- progressive subdivision of academic endeavour into ever more narrowly focused disciplines, from the late 19th century onwards
- the diminution of economic and political life into a set of atomised market exchanges
- the reduction of cultural life into a pursuit of personal leisure and pleasure.
There are, equally, several urgent reasons why we are beginning to remember our state of interdependence at the beginning of the 21st century.
Knowledge of processes of economic globalisation and global environmental change (most acutely, climate change and biodiversity loss on a global scale) is emerging at a time when communications technologies have achieved unprecedented speed, reach and availability.
These processes invite us to think in global terms. They also demand that we acknowledge long threads of connection between actions and consequences. Moreover, we have the capacity to learn and share this knowledge as never before. These issues draw us into an awareness of responses and responsibilities that stretch over great distances.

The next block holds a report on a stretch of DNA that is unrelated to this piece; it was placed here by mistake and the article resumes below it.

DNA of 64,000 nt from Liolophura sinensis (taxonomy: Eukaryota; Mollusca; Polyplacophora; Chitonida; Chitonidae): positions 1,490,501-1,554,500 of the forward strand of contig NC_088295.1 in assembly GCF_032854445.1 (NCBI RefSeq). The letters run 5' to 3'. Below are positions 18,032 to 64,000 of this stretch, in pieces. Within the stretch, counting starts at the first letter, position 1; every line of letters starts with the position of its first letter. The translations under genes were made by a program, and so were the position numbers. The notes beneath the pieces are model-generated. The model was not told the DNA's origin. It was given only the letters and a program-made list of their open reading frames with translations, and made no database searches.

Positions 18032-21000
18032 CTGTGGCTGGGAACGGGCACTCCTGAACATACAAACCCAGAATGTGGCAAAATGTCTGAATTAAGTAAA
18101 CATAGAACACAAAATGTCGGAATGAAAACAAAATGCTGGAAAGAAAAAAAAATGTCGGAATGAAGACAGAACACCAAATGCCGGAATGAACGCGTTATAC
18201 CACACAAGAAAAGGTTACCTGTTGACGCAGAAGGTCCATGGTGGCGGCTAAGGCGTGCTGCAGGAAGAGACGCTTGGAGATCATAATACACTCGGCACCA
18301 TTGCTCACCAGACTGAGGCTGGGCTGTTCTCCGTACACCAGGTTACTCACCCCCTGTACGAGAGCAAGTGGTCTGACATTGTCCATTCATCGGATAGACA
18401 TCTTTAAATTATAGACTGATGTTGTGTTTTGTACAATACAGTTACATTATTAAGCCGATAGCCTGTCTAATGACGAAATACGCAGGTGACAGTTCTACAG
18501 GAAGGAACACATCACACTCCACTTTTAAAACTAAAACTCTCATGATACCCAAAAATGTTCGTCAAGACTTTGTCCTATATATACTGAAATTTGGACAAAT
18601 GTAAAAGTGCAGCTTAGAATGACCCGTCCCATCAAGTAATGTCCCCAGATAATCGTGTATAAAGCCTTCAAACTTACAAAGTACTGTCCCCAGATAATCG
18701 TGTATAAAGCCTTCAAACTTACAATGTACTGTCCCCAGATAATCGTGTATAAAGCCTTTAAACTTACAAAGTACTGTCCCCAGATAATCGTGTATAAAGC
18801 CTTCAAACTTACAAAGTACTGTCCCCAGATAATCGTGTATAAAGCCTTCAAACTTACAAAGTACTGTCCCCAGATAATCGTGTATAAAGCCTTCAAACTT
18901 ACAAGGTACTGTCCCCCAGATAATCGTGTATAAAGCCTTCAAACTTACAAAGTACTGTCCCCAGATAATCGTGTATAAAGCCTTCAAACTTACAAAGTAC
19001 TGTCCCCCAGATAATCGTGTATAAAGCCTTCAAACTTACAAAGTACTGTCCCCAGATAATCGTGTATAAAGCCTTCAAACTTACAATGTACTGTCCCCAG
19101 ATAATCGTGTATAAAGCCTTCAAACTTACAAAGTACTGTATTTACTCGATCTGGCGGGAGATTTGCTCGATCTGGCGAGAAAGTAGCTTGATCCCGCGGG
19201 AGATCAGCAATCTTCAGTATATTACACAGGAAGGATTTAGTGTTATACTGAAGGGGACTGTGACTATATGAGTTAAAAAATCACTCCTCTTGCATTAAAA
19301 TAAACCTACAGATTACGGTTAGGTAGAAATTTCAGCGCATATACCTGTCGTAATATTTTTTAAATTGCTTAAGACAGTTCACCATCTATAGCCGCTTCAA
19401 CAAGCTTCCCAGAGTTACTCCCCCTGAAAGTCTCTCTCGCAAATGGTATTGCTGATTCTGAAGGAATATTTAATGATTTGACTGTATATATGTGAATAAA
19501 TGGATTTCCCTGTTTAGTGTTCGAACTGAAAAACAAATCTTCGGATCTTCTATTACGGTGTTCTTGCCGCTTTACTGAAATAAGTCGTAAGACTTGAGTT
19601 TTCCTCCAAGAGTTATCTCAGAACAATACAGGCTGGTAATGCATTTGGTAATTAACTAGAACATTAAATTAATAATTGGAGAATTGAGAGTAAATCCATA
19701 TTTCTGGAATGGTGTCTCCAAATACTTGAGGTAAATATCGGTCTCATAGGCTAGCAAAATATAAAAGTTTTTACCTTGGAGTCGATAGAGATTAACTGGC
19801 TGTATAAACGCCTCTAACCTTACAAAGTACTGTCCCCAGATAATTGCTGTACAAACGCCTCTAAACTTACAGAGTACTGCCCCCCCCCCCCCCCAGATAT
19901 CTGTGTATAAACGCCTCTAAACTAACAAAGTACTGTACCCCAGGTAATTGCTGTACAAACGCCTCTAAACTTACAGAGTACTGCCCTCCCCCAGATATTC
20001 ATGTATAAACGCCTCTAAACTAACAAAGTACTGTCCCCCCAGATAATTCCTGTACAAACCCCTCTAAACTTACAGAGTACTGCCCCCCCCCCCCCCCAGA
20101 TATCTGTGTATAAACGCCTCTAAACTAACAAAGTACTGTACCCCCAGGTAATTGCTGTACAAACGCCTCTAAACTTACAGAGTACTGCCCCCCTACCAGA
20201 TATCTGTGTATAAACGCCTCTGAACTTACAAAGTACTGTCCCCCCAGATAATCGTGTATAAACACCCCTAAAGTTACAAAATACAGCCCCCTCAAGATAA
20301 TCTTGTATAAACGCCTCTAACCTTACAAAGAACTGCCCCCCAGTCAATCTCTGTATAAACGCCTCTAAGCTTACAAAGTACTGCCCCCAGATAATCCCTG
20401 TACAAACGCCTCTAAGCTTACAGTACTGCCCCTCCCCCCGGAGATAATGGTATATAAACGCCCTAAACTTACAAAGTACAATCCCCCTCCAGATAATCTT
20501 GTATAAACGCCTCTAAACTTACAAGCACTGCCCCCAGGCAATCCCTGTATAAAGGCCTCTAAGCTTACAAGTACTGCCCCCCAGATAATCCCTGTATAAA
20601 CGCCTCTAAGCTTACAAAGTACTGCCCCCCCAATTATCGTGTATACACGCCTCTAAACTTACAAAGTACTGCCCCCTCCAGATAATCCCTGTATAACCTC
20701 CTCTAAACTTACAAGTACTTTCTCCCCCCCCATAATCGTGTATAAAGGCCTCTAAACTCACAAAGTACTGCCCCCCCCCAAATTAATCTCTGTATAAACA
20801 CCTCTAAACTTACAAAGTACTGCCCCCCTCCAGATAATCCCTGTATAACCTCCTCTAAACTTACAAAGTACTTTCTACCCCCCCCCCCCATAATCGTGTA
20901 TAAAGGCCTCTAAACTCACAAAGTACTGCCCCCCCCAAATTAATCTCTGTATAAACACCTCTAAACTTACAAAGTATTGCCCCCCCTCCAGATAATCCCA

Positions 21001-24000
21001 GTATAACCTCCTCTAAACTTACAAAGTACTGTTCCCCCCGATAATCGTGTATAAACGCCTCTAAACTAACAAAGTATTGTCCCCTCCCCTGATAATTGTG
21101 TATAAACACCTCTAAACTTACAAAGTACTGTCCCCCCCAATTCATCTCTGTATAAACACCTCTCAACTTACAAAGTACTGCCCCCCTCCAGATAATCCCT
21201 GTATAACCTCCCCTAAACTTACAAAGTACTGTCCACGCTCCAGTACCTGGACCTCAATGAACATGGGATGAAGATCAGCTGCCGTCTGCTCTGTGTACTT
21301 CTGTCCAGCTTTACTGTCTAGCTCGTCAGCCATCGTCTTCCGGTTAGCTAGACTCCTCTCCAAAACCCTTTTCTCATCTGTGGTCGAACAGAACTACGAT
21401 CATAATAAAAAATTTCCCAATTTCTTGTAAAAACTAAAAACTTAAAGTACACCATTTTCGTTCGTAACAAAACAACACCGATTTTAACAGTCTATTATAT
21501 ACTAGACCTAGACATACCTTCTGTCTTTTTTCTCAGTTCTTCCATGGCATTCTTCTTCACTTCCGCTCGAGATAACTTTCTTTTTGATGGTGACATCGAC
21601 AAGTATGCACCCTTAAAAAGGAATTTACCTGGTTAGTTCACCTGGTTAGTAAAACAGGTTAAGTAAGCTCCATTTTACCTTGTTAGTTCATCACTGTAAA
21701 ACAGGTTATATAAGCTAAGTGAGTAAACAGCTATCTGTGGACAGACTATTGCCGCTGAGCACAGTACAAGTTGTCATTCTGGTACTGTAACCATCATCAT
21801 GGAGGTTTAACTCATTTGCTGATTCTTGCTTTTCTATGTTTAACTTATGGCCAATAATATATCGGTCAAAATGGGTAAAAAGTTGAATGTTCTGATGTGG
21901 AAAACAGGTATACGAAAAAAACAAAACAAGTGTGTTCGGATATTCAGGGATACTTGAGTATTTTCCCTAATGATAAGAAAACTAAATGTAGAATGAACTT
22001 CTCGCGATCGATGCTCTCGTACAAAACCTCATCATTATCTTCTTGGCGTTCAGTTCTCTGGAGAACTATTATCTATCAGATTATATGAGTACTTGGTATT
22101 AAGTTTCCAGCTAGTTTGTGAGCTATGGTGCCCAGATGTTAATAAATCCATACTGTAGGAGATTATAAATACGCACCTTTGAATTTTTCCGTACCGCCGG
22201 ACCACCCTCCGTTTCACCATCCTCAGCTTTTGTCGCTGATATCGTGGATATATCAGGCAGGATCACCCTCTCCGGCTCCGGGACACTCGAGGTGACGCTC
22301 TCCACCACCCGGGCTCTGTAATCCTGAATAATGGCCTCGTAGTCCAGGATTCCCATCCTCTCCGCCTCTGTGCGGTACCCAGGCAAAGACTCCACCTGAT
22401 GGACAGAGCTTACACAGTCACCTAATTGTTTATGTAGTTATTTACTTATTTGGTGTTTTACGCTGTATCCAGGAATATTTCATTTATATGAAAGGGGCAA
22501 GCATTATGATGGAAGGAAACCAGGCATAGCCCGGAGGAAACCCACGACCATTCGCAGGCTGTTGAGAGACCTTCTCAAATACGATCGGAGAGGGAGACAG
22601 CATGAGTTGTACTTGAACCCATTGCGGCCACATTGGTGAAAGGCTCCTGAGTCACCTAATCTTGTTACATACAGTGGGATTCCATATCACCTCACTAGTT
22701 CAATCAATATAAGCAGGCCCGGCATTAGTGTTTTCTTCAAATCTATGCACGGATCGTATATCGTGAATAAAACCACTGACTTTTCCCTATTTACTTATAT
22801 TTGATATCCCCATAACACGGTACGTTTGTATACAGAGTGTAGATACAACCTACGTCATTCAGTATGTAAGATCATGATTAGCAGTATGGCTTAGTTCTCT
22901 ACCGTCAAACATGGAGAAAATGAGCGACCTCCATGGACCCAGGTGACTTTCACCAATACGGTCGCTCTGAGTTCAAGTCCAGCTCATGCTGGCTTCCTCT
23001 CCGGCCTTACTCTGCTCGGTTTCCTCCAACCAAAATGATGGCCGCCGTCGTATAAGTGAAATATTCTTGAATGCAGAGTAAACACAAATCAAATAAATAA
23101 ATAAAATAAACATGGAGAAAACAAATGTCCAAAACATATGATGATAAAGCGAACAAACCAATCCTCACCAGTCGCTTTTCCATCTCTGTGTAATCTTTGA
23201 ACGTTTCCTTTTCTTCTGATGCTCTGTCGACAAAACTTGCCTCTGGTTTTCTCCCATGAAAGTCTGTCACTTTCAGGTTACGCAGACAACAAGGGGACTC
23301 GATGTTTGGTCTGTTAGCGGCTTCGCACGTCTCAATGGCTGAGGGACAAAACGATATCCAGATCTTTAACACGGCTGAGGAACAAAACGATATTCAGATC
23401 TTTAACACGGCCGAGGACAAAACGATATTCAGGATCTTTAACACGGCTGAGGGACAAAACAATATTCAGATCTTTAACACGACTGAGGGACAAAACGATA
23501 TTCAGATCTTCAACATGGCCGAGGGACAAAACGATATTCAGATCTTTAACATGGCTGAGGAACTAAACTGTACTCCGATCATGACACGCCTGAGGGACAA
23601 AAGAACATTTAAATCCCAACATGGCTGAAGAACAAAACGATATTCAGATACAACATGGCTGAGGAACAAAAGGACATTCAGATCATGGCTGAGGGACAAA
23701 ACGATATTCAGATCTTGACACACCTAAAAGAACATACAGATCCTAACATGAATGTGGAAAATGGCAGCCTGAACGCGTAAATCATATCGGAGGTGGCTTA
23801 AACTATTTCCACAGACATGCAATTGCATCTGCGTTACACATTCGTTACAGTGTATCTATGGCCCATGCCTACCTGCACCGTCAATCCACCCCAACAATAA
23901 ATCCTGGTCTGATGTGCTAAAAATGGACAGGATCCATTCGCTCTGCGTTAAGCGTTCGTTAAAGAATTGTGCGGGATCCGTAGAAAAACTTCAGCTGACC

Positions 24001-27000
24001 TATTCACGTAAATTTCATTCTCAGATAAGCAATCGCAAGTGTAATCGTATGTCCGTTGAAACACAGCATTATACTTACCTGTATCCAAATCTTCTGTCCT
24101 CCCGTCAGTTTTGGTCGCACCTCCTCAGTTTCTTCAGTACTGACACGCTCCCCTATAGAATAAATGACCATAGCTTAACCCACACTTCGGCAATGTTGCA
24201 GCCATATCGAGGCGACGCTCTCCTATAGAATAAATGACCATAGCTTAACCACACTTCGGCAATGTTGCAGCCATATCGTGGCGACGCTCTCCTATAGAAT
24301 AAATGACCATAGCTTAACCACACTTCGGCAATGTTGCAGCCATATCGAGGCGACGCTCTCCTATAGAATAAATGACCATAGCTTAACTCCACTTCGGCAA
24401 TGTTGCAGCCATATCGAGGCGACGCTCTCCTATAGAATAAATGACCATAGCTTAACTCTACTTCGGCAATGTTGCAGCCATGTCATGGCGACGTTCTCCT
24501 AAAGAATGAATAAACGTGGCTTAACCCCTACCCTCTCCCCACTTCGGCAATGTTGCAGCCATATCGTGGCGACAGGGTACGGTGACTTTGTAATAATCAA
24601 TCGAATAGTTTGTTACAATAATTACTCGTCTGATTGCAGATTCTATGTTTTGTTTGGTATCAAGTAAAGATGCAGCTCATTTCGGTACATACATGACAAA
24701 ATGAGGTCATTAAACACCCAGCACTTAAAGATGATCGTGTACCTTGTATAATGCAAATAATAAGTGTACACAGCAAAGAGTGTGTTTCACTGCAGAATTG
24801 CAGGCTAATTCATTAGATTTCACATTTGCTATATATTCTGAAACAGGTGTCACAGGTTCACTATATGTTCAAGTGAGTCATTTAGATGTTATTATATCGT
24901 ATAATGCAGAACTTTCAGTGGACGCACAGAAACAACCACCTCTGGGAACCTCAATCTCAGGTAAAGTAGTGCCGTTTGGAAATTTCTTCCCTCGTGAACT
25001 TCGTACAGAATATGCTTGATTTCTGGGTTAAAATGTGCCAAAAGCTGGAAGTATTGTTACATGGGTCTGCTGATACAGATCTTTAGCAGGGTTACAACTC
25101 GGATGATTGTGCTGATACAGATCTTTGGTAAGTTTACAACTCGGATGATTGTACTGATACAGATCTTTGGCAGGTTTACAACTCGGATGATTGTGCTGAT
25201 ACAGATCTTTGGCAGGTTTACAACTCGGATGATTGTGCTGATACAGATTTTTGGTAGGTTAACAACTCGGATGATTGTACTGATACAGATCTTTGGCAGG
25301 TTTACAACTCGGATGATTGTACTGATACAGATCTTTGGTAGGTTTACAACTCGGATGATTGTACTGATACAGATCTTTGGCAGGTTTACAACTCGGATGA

Both globalisation and global environmental change invite us to extend greatly our notion of who counts in politics. For the drafters of the Declaration of Independence in 1776 the drastic revision of political sovereignty they proposed seemed natural: the time had come for change wherein governments would be "deriving their just powers from the consent of the governed". In our own era, we have arrived at a time that demands change on a similar scale. The carefully marked-out boundaries of political community organised around the human members of nation-states have begun to break down.
Climate change caused by the present and historic emissions of the developed world brings consequences to the poorest in the present, to unborn future generations, and to the non-human natural world. Evidence of dramatic loss of biodiversity that has evolved over millennia in the space of just a few decades also stretches the boundaries of the political and the ethical.
Knowledge of the human stories that lie behind the material fruits of economic globalisation demands that we revise our thinking about where responsibility to others starts and stops. It is not simply that we begin to know about the waste or harm that our lifestyles and economic systems cause: in doing so we are forced to revise our notion of who and what needs to be heard in political discourse. This idea has been expressed in terms of an emergent cosmopolitanism or global civil society, and in notions of ecological citizenship.